On July 26, hundreds more gathered at Union Square Park to participate in a Critical Mass ride organized by Time’s Up to demand better infrastructure for cyclists.

At the July 25 press conference, de Blasio said that one in four adults in the city own a bicycle, and the number of people biking to work is growing twice as fast as in any other major U.S. city. “That’s good for our earth, our city and our quality of life,” he said. “Our responsibility is to ensure that this good option is safe.”

The mayor, however, did not address how the city might reduce the number of cars on the roads. “We must break car culture to protect cyclists in NYC,” City Councilmember Antonio Reynoso (D-Brooklyn) posted on Twitter on July 25. He said the “new bike plan — largely an expansion & acceleration of Vision Zero — falls short. Reckless drivers will continue to terrorize our streets until there’s a culture shift to prioritize pedestrians & cyclists.”

The number of cars on city streets has risen over the last four years, largely driven by e-hail apps such as Uber and Lyft. According to city Taxi and Limousine Commission figures, the average number of “high-volume for-hire vehicles” on the streets increased from 7,300 a day in January 2015 to 59,900 in May 2019.

The Green Wave plan, Transportation Alternatives communications director Joe Cutrufo said, “is taking several good steps forward, but given the urgency of the problem, we’d like to see action even faster.”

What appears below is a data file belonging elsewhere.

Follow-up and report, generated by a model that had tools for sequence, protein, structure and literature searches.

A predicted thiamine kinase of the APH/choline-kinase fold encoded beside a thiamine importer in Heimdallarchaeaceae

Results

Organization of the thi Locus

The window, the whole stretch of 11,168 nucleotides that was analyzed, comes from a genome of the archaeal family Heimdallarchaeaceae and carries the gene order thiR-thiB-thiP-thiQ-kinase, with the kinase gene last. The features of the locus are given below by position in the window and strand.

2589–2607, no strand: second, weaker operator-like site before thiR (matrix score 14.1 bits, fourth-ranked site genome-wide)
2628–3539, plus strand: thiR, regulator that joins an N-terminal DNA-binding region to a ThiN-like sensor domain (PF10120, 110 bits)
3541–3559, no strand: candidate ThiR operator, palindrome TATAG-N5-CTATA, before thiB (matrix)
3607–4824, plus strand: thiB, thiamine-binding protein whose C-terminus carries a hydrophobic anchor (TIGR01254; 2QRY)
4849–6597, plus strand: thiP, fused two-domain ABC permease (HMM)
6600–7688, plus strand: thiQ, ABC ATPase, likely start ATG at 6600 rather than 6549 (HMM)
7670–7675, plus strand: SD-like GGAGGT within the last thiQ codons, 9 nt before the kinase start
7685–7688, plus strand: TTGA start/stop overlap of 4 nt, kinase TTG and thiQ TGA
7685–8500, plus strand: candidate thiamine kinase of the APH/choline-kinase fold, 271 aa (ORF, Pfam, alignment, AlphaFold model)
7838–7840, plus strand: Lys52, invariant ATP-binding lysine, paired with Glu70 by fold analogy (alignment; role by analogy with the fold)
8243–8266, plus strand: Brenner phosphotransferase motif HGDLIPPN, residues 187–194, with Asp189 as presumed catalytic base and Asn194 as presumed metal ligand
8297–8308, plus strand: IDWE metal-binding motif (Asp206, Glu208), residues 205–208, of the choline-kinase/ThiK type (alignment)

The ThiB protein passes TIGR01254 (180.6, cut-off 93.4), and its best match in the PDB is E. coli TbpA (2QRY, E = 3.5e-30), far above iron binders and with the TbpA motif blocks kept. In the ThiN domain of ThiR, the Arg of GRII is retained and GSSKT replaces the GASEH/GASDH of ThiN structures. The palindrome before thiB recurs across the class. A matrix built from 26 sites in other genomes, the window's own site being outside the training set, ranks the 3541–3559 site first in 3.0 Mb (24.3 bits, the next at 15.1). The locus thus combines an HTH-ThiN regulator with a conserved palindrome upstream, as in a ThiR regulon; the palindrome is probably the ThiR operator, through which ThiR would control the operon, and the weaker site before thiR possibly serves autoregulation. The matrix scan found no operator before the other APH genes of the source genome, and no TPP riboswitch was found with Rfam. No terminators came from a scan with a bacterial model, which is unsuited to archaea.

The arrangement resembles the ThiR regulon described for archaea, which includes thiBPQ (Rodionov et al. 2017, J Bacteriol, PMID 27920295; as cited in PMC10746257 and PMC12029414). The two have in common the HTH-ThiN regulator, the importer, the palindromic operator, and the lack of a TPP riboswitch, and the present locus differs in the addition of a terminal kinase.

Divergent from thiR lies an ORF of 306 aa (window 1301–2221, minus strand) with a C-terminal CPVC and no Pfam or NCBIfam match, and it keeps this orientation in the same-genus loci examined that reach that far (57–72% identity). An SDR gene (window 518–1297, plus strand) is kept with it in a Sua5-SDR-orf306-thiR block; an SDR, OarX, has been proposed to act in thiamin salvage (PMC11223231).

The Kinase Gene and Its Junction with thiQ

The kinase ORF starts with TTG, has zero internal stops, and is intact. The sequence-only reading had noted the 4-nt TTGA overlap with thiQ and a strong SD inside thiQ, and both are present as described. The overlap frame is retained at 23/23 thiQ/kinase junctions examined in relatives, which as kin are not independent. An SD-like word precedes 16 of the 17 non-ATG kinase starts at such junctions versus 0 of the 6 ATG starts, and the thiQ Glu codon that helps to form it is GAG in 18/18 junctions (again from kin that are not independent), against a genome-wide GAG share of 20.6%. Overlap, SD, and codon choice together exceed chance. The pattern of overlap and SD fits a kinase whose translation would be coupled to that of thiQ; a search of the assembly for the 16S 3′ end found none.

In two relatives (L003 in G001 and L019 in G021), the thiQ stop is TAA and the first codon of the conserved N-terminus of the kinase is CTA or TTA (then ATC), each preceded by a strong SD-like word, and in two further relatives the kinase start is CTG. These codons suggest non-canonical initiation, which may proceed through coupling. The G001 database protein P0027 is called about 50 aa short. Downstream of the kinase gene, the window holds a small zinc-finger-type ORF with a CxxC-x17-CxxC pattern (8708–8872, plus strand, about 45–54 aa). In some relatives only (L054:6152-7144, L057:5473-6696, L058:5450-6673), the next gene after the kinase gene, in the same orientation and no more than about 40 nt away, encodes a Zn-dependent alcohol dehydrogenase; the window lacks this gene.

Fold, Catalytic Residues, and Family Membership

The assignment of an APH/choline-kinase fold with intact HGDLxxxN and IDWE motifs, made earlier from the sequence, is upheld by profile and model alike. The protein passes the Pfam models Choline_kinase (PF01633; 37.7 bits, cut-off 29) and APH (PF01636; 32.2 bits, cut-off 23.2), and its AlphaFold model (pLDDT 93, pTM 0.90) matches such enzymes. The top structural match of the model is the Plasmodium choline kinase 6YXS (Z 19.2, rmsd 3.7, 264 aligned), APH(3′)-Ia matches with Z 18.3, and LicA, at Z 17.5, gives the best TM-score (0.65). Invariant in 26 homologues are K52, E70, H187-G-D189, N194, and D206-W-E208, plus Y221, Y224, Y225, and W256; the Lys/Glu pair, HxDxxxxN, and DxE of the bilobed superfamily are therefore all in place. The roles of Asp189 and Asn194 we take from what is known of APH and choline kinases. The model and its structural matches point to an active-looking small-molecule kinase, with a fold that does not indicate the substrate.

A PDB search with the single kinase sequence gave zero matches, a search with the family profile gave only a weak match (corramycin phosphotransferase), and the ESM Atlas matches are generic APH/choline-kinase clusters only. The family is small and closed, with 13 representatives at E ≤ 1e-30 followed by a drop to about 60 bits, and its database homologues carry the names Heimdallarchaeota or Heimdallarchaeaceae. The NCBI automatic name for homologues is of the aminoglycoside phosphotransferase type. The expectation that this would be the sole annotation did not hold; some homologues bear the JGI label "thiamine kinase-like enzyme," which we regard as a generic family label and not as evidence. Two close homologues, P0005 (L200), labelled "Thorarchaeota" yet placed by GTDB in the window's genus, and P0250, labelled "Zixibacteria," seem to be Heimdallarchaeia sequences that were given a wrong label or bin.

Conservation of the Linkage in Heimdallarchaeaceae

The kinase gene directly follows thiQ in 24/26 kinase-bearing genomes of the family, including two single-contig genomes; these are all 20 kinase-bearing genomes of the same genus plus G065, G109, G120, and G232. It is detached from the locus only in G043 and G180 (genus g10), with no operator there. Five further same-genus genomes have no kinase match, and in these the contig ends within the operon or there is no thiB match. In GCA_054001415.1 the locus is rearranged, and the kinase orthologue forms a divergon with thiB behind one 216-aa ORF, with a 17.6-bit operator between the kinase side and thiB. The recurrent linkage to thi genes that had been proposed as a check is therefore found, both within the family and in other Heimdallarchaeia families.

About “800,000 people ride a bike regularly in New York City, but there is this huge population of people who are curious and interested but are afraid because the streets don’t adequately protect them,” Cutrufo said. “We’ve seen the number of cyclists grow over the last decade or so, right along with the growth in safe cycling infrastructure. When you look at the expansion of protected bike lane miles, you can see the number of regular cyclists go up in tandem. If you build it, they will come.”

Two of the 18 fatalities this year, including Em Samolewicz, occurred on Third Avenue in Sunset Park, an eight-lane road under the elevated Gowanus Expressway that’s a major truck route and has no bike lanes. Cutrufo says roads like this “deserve a rapid response,” and that any time a cyclist is killed, the Department of Transportation should immediately investigate why it occurred and how to prevent these tragedies from happening in the area again.

Mayor de Blasio said on July 25 that the “100 most dangerous locations” would “receive additional NYPD enforcement, with a special focus on trucks.”

“Third Avenue needs a protected bike lane,” says Andrada Popa, a Sunset Park resident who suffered multiple foot and ankle fractures after a truck drove into her in April while she was riding her bike there. “I don’t feel safe riding in the open bike lanes. It’s a wide-open road, so it should be possible to have a protected lane there.” Popa, who is still recovering from her injuries, told The Indypendent she believes the 30 miles of protected bike lanes the Green Wave vows to create over each year are not enough.